Overll, llano is overrate in my book. We have barley sold any at my work place. Just doesn't have the pulling power like a CPU and discrete GPU does.
    19
  • cangelini
    Outlander_04In the real world gaming section you got a great big graph for the 3770k by adding a discreet graphics card . Why didn't you try a Llano system with an identical graphics card? Afraid the second tier AMD product would kick sand in intels face?

    Because this is a story about the Intel chips. To the contrary, though, the AMD-based platform is more likely to bottleneck a discrete graphics card than the Intel one. AMD's strength is in the integrated graphics right now.
    18
  • zyzz
    Good article. I think I will get the 3570K over 2500K.
    17
  • Other Comments
  • zyzz
    Good article. I think I will get the 3570K over 2500K.
    17
  • erraticfocus
    nice work in sorting out the facts and reminding us about the history and change from the lower power offerings in the intel stable..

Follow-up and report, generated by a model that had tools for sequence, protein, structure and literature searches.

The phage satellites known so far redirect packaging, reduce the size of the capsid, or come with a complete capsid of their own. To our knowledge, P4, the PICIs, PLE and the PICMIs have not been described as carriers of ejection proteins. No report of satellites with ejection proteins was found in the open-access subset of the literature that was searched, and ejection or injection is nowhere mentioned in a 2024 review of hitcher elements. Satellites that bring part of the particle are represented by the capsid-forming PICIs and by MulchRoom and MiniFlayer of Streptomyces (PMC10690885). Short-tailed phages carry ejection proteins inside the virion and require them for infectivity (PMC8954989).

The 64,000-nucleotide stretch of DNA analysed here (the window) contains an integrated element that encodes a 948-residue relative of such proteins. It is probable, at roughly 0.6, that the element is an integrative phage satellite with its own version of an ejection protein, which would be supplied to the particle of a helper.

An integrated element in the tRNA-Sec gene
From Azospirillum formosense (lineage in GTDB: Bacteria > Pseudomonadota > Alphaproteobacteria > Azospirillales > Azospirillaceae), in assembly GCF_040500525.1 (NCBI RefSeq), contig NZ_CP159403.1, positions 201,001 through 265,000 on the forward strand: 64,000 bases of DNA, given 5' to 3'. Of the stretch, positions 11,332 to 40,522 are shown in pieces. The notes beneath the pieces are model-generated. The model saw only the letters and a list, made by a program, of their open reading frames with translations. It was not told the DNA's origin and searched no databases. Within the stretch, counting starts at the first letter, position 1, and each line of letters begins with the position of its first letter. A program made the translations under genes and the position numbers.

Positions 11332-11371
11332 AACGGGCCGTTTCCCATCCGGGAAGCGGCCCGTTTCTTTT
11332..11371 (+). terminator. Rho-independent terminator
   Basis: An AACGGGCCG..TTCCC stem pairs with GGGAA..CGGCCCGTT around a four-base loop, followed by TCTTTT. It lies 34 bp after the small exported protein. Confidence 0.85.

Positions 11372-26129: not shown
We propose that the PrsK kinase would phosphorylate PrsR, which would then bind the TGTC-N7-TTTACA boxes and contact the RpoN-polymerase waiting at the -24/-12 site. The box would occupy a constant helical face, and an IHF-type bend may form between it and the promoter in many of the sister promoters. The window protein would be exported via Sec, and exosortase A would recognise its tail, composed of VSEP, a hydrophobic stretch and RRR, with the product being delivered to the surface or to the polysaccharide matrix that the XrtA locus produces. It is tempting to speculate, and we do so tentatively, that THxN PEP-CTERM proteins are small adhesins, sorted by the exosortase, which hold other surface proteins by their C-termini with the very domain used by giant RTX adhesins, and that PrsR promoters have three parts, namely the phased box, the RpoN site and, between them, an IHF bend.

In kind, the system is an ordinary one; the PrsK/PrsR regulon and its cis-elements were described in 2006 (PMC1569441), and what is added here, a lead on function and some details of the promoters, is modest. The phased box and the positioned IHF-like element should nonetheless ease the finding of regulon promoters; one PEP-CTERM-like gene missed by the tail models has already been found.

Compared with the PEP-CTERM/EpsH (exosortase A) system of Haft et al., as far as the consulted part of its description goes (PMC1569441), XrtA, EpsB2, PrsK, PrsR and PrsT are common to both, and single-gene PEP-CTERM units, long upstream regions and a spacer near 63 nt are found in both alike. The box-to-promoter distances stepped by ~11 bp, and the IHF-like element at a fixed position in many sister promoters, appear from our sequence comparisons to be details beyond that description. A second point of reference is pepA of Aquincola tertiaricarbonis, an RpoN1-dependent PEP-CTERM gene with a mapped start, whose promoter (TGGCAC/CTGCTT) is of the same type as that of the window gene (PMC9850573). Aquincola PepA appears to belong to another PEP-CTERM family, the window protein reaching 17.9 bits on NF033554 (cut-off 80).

6
  • amdfangirl
    Does Intel allow underclocking and undervolting on H-series boards? If so, S and T series are pretty redundant.
    7
  • Onikage
    2700K looks a clear Winner to me ! got one last week from Microcenter at an ironic but sensational price 270$ !!!! hey 3770K try and beat that !
    -11
  • Outlander_04
    In the real world gaming section you got a great big graph for the 3770k by adding a discreet graphics card . Why didn't you try a Llano system with an identical graphics card? Afraid the second tier AMD product would kick sand in intels face?
    -23
  • cangelini
    Outlander_04In the real world gaming section you got a great big graph for the 3770k by adding a discreet graphics card . Why didn't you try a Llano system with an identical graphics card? Afraid the second tier AMD product would kick sand in intels face?